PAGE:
A fuel tank 33 is supported by the frame assembly 12 above the engine 18 and rearwardly of the head pipe 13. A seat 34 is carried rearwardly of the fuel tank 33 on the frame assembly 12 in an appropriate manner.
The construction of the motorcycle 11 as thus far described may be considered to be generally conventional, except for the inclusion of the box section member 14 of the frame assembly 12 and for that reason, the remaining details of the construction of the motorcycle 11 will not be described.
Referring now primarily to the remaining figures, the construction of the frame assembly 12 will be described and particularly the relationship between the head pipe 13, box section member 14 and main frame members 15. The box section member 14 is comprised of a pair of side pieces 35 and 36 that are affixed at their forward ends to the head pipe 13, as by welding, and extend rearwardly therefrom. The side pieces 35 and 36 diverge from the head pipe 13 as clearly shown in FIGS. 3 and 4. A central piece 37 is affixed at its forward end to the head pipe 13 and extends generally rearwardly along the center plane of the motorcycle 11 between the side pieces 35 and 36. Bulkhead pieces 38 are affixed to the rear ends of the side pieces 35 and 36 and extend in a generally inward direction. The inner termination of the bulkhead pieces 38 and the rear edge of the piece 37 are joined together by arcuate sections 39 and 41 which are welded to the rear ends of these respective pieces. Hence, the box section member 14 is formed with a pair of internal cavities 42 and 43. These cavities are closed at their upper and lower ends by integrally formed upper and lower walls of the side members 35 and 36 as clearly shown in the figures.
The main frame members 15 are each formed of a box section configuration made up of an inner channel shaped piece 44 and an outer channel shaped piece 45 which pieces are welded together along their mating faces. The outer surface of the pieces 45 extends in a continuous manner from the side wall portion 35 and 36 of the box section member 14 and the inner surfaces of the portions 44 extend rearwardly as a continuation of the curved walls 39 and 41 of the box section member. Hence, a very smooth and continuous appearance is provided. In addition, the joint which results from this connection is quite strong and will be able to absorb the loads applied to the frame joint from the front and rear wheels 17 and 24. In order to provide further reinforcing, embossments 46 may be formed in the outer surfaces of the box section 14 and the main frame members 15.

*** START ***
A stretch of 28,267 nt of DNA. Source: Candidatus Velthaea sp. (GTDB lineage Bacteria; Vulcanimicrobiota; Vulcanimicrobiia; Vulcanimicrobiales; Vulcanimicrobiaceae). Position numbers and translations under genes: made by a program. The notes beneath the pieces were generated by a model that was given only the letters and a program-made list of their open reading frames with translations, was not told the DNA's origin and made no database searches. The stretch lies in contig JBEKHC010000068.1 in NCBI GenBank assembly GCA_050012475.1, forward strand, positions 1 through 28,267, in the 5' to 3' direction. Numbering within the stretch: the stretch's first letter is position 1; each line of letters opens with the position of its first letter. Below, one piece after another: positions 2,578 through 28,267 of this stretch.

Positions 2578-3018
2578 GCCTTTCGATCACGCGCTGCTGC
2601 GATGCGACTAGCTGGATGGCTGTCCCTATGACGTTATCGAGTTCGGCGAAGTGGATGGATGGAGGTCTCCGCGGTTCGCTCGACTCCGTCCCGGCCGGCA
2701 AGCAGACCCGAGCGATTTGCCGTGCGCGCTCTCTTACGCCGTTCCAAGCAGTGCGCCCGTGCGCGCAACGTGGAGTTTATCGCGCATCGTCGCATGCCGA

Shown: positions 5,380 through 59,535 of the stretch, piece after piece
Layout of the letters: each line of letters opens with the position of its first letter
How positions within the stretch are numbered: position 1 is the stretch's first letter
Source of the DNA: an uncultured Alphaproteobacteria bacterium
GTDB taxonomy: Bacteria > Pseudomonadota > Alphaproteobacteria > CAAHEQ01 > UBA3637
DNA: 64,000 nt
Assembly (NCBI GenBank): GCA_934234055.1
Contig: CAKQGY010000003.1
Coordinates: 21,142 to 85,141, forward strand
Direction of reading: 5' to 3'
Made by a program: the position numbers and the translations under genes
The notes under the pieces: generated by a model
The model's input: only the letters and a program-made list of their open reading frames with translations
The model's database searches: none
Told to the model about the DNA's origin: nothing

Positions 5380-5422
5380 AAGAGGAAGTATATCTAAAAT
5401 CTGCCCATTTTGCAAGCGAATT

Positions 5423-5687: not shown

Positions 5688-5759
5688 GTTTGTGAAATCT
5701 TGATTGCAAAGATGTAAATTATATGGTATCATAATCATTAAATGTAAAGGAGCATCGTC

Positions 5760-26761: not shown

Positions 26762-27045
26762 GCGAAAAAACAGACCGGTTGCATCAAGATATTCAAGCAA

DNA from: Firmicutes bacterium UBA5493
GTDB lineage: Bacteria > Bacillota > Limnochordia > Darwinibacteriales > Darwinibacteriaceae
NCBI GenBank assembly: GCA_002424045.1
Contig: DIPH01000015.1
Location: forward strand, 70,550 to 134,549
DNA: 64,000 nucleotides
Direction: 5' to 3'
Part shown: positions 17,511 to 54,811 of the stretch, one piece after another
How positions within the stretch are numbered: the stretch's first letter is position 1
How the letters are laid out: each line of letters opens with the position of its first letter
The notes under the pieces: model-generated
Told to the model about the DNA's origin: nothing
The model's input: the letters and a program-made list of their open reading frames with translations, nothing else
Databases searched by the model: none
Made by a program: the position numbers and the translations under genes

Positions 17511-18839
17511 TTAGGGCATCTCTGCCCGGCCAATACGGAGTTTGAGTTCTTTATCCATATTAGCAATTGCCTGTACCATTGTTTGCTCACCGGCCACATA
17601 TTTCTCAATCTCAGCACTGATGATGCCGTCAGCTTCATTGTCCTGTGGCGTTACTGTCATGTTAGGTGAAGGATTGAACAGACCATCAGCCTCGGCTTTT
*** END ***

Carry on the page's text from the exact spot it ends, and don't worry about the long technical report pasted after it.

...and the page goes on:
FIG. 7 shows another form of reinforcing where rather than an embossment that forms an inwardly extending cavity, the main frame members and box section member are formed with outwardly extending projections 71 for the same reinforcing purpose.
It should be readily apparent from the foregoing description that an extremely rigid and good appearing frame construction results that will have high strength. The frame may be made up of members that are formed from either aluminum or steel or any other suitable material. Although two embodiments of the invention have been illustrated and described, various changes and modifications may be made without departing from the spirit and scope of the invention, as defined by the appended claims.
|Cited Patent||Filing date||Publication date||Applicant||Title|
|US2088244 *||Jun 19, 1935||Jul 27, 1937||Murray Ohio Mfg Co||Velocipede construction|
|US2338730 *||Jul 20, 1940||Jan 11, 1944||Sears Roebuck & Co||Velocipede|
|US2763496 *||Mar 31, 1953||Sep 18, 1956||Nsu Werke Ag||Frame arrangement for bicycles and motorcycles|
|Citing Patent||Filing date||Publication date||Applicant||Title|
|US4852678 *||Dec 3, 1987||Aug 1, 1989||Honda Giken Kogyo Kabushiki Kaisha||Vehicle body frame for motorcycle|
|US7490689 *||Mar 29, 2006||Feb 17, 2009||Honda Motor Co., Ltd.||Vehicle body frame structure|
|US7497295 *||Mar 29, 2006||Mar 3, 2009||Honda Motor Co., Ltd.||Motorcycle having a support for controlling vibrations transmitted to a seat thereof|
|US7497455||Jan 30, 2006||Mar 3, 2009||Michael Kamalian||Carbon fiber motorcycle frame|
|US7556283 *||Sep 6, 2006||Jul 7, 2009||Honda Motor Co., Ltd.||Air bag module mounting structure|
|US20060219457 *||Mar 29, 2006||Oct 5, 2006||Honda Motor Co., Ltd.||Motorcycle|
|US20060219463 *||Mar 29, 2006||Oct 5, 2006||Honda Motor Co., Ltd.||Vehicle body frame structure|
|US20060290094 *||Jan 30, 2006||Dec 28, 2006||Michael Kamalian||Carbon fiber motorcycle frame|
|US20070057489 *||Sep 6, 2006||Mar 15, 2007||Honda Motor Co., Ltd.||Air bag module mounting structure|
|U.S. Classification||280/281.1, 180/219|
|International Classification||B62K19/32, B62K19/00|
|Cooperative Classification||B62K19/32, B62K19/00|
|European Classification||B62K19/32, B62K19/00|
|Mar 14, 1986||AS||Assignment|
Owner name: YAMAHA HATSUDOKI KABUSHIKI KAISHA, D/B/A, YAMAHA M
Free format text: ASSIGNMENT OF ASSIGNORS INTEREST.;ASSIGNOR:TANAKA, TOSHIO;REEL/FRAME:004528/0609
Effective date: 19860303
|Nov 7, 1988||AS||Assignment|
Owner name: FIRST UNION NATIONAL BANK OF FLORIDA
Free format text: MORTGAGE;ASSIGNORS:BELL, WILLIAM;BELL, THEODORE F., JR.;REEL/FRAME:004991/0198
Effective date: 19880916
|Jan 25, 1991||FPAY||Fee payment|
Year of fee payment: 4
|Jan 17, 1995||FPAY||Fee payment|
Year of fee payment: 8
|Jan 25, 1999||FPAY||Fee payment|
Year of fee payment: 12